61 percent of General Motors is owned by the U.S. Treasury, but could the American automaker soon be partially owned by the Chinese government? Perhaps, albeit in a roundabout way.
Reuters reports GM is currently in the final stage of discussions regarding selling equity to Chinese automaker Shanghai Automotive Industry Corporation (SAIC), which is in turn, owned in part by the Chinese government. Although the company previously indicated it was interested in purchasing a single-digit stake in GM through the company's initial public offering, that figure isn't firm. Early estimates predicted roughly 15 percent of GM's estimated $13 billion IPO would stem from foreign investors, although that tally could rise, especially if SAIC decides to increase its purchase.
SAIC's investment would, ironically, mirror an investment GM made nearly 13 years ago. In 1997, GM partnered with SAIC to form the Shanghai GM joint venture, which allowed the American firm to manufacture automobiles and expand its presence within the Chinese market. Predictably, SAIC is hungry to for access to both technology and the North American market, and a partnership with General Motors could be just the ticket.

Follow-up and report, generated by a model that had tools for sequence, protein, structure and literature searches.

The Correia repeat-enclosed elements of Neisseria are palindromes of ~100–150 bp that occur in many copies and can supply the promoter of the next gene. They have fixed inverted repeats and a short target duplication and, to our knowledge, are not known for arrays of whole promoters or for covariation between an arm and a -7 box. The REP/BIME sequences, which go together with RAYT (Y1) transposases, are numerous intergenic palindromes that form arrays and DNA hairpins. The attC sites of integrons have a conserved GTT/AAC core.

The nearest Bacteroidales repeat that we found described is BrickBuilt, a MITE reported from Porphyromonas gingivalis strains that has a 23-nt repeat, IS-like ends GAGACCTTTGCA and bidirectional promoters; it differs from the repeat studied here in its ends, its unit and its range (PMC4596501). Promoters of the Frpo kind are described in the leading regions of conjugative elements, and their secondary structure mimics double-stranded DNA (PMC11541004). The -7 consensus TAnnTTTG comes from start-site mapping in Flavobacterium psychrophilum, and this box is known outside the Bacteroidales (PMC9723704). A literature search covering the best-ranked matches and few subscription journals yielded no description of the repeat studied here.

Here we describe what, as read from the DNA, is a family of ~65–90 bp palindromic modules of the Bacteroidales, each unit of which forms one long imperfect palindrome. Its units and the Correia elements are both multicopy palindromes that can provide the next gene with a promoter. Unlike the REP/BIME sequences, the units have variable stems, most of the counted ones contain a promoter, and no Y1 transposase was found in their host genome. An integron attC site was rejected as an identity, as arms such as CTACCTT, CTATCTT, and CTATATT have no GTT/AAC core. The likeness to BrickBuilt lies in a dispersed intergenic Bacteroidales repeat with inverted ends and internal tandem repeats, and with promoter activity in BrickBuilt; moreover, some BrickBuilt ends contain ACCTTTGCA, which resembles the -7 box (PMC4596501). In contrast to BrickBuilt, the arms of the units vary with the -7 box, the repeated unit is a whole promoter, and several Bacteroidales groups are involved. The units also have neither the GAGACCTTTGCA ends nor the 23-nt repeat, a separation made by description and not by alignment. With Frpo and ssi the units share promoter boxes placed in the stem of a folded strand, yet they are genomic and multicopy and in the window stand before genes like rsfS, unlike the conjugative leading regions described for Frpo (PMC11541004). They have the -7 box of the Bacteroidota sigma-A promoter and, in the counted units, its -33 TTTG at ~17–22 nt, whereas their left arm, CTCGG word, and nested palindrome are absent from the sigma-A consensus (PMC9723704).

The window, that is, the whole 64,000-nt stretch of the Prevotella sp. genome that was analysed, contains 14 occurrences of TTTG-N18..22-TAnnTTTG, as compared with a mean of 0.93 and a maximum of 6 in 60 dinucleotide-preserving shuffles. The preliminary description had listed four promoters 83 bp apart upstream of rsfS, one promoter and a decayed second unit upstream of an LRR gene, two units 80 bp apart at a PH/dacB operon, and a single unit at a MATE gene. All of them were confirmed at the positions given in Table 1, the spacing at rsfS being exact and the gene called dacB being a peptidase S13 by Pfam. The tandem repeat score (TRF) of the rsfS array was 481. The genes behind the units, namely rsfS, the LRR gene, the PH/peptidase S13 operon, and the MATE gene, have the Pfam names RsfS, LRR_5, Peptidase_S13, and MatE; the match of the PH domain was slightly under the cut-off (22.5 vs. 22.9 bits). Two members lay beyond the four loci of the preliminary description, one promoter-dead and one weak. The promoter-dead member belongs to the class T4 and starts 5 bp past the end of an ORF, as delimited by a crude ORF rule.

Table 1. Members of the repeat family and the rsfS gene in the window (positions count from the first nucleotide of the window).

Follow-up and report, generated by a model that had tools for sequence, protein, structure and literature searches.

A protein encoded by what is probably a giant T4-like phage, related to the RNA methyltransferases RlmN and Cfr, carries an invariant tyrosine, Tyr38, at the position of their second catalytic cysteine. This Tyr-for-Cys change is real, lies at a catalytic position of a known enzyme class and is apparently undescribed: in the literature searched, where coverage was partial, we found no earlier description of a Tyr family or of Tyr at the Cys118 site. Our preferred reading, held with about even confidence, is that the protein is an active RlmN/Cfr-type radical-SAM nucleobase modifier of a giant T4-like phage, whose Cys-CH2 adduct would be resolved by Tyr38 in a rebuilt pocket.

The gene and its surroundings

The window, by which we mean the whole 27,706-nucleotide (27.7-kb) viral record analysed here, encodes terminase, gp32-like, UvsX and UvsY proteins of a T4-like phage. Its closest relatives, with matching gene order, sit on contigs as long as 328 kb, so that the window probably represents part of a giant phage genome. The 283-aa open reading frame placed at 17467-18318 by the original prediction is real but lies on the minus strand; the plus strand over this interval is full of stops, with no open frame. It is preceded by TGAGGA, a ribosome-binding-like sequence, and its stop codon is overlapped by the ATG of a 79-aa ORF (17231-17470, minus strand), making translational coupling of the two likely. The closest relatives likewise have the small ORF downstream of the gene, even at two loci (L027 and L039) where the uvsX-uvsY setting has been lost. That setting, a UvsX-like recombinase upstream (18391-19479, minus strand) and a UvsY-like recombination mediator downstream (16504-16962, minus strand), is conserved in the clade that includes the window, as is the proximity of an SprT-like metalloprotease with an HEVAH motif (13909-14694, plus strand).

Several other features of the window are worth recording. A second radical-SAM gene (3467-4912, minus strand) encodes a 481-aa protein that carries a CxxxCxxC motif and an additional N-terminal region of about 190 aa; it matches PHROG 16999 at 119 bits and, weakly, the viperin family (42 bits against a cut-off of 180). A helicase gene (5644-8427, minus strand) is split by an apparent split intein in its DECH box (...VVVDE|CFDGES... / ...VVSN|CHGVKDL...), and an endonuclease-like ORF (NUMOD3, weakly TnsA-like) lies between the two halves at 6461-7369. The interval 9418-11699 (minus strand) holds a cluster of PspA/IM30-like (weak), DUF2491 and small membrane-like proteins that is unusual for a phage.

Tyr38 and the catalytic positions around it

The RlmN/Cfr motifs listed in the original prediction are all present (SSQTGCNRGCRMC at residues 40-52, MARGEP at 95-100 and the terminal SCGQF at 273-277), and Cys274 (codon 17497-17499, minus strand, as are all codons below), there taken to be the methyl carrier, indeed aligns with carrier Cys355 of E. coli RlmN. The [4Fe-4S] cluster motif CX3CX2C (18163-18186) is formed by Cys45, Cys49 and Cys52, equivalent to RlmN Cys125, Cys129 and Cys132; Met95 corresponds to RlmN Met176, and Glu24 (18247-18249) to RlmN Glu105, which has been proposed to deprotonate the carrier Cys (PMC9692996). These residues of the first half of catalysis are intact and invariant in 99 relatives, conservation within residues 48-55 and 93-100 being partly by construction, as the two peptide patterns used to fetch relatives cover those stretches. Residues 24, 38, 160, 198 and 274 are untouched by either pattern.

GM, on the other hand, is still interested in furthering its success in China, which has served as a lynchpin of sorts for the company's success outside of North America. Last year, GM sold 1.8 million vehicles in China, accounting for 11.8 percent of the country's automotive market. GM presently holds a 49-percent stake in Shanghai GM, although the company is reportedly looking to increase its stake in the joint venture, along with pursuing a jointly developed electric vehicle for the Chinese market.
An obvious issue GM will need to deal with is the political and public backlash associated with selling a large stake to the government-owned SAIC. Still, there's something to the company's argument that a closer tie-up could only help GM increase its presence in emerging markets (Shanghai GM vans are also built and sold in India), which is seen as critical to the automaker's future growth.
At this point, this is far from a done deal. Even if GM and SAIC come to terms on an agreement by this weekend, which Automotive News suggests is entirely possible, SAIC's purchase still needs to clear a number of bureaucratic hurdles to receive approval from the Chinese government.